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Virgilio MAZZOCCHI (1597 - 1646): Vespro della Beata Vergine

Cantus Cölln; Concerto Palatino
Dir: Konrad Junghänel

rec: Feb 2008, Mandelsloh, Kirche St. Osdag
Harmonia mundi - HMC 902001 (© 2009) (69'21")

Giacomo CARISSIMI (1605-1674): Exsurge cor meum [7]; O dulcissimum Mariae nomen [5]; Salve Regina; Girolamo FRESCOBALDI (1583-1643): Canzona a due cori [2]; Virgilio MAZZOCCHI: Beata Mater [4]; Dixit Dominus [6]; Laetatus sum [6]; Lauda Jerusalem [6]; Laudate pueri [6]; Magnificat [6]; Nisi Dominus [6]; Surge amica mea [3]; Giovanni Pierluigi DA PALESTRINA (1525-1594): Ave maris stella [1]

(Sources: [1] Giovanni Pierluigi da Palestrina, Hymni totius anni, 1589 [2] Girolamo Frescobaldi, Canzoni per sonar, 1608; [3] Francesco Sammaruco (ed), Sacri affetti con testi da diversi eccellentissimi autori, 1625; [4] Virgilio Mazzocchi, Sacri flores binis, ternis, quaternisque vocibus concinendi, op. 1, 1640; [5] Scelta di Motetti de diversi eccellentissimi autori, 1647; [6] Virgilio Mazzocchi, Psalmi Vespertini binis choris concinendi, 1648; [7] Giacomo Carissimi, Arion Romanus sive Liber primus sacrarum cantionum, 1670)

[CC] Johanna Koslowski, Ulrike Hofbauer, soprano; Elisabeth Popien, contralto; Henning Voss, alto; Hans Jörg Mammel, Wilfried Jochens, tenor; Wolf Matthias Friedrich, Markus Flaig, bass; Ulla Bundies, violin; Mieneke van der Velden, Kaori Uemura, Ricardo Rodriguez Miranda, viola da gamba; Matthias Müller, violone, lirone; Carsten Lohff, organ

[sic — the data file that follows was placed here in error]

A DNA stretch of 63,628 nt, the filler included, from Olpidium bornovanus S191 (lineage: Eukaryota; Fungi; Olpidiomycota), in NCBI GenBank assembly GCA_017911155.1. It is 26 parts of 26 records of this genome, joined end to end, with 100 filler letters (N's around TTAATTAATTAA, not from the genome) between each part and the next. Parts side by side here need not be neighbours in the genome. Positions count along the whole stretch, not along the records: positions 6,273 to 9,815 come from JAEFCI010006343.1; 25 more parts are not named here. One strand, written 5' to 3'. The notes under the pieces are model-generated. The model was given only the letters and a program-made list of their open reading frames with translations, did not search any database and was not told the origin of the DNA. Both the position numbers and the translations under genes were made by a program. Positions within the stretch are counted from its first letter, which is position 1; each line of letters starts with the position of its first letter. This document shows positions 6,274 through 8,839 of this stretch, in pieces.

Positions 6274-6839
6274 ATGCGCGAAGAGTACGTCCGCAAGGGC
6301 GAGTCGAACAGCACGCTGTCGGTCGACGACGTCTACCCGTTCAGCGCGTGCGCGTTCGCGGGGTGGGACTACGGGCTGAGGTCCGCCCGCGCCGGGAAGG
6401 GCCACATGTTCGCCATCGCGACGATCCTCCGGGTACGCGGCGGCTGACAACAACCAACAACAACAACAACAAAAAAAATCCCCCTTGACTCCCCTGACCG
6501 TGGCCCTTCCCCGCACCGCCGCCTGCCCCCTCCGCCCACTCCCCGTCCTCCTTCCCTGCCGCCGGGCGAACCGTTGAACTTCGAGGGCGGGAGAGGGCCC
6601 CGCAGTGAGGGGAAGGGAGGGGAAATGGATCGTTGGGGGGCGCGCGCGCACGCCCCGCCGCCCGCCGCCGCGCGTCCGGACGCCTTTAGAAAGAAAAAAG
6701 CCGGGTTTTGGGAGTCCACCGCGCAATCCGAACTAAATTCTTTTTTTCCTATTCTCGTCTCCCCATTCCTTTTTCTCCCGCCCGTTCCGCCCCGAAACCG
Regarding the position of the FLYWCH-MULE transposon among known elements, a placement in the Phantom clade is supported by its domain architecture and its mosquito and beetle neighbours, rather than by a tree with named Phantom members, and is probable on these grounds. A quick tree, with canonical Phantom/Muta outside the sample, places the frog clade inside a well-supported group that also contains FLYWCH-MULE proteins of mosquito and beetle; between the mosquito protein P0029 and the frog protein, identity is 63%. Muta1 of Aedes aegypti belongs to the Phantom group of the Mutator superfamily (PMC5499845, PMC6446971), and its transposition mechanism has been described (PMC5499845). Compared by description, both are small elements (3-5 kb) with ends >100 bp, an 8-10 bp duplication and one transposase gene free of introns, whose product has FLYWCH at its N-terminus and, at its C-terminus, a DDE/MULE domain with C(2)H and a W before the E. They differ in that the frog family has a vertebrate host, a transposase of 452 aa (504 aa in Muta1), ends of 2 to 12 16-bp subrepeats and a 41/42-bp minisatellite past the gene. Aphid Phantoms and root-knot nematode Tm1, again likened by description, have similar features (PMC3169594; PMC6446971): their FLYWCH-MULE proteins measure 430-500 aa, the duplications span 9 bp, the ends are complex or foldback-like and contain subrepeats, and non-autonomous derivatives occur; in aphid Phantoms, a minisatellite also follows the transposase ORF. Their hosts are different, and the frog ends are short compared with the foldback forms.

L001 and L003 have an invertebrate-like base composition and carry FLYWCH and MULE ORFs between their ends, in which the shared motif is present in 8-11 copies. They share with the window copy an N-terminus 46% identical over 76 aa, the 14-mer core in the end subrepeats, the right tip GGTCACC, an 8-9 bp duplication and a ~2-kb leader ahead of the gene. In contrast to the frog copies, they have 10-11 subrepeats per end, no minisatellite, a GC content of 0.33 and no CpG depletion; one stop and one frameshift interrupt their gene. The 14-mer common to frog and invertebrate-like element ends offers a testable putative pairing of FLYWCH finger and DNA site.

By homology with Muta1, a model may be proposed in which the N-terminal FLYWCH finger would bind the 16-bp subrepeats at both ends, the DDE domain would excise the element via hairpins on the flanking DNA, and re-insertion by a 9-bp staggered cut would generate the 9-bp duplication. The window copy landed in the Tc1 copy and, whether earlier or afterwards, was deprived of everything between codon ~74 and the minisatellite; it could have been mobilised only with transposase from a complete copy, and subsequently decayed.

[CP] Bruce Dickey, cornett; Simen van Mechelen, Charles Toet, Wim Becu, trombones

The name of Mazzocchi isn't quite unknown - René Jacobs, for instance, has recorded a selection from the Sacrae Cantiones of 1664. But - that is Domenico Mazzocchi. He was the older brother of Virgilio, some of whose music is recorded for the first time by Cantus Cölln.

Virgilio was born in Civita Castellana, studied at the seminary there and took lower orders in 1614. He moved to Rome, and it seems he studied with his brother. He was at the service of Cardinal Ippolito Aldobrandini, and it was probably due to the Cardinal's influence that in 1625 he entered the service of Cardinal Francesco Barberini. This opened the way to make a career as a church musician, and in 1629 he was appointed to the Cappella Giulia at S Pietro, where he stayed until his death.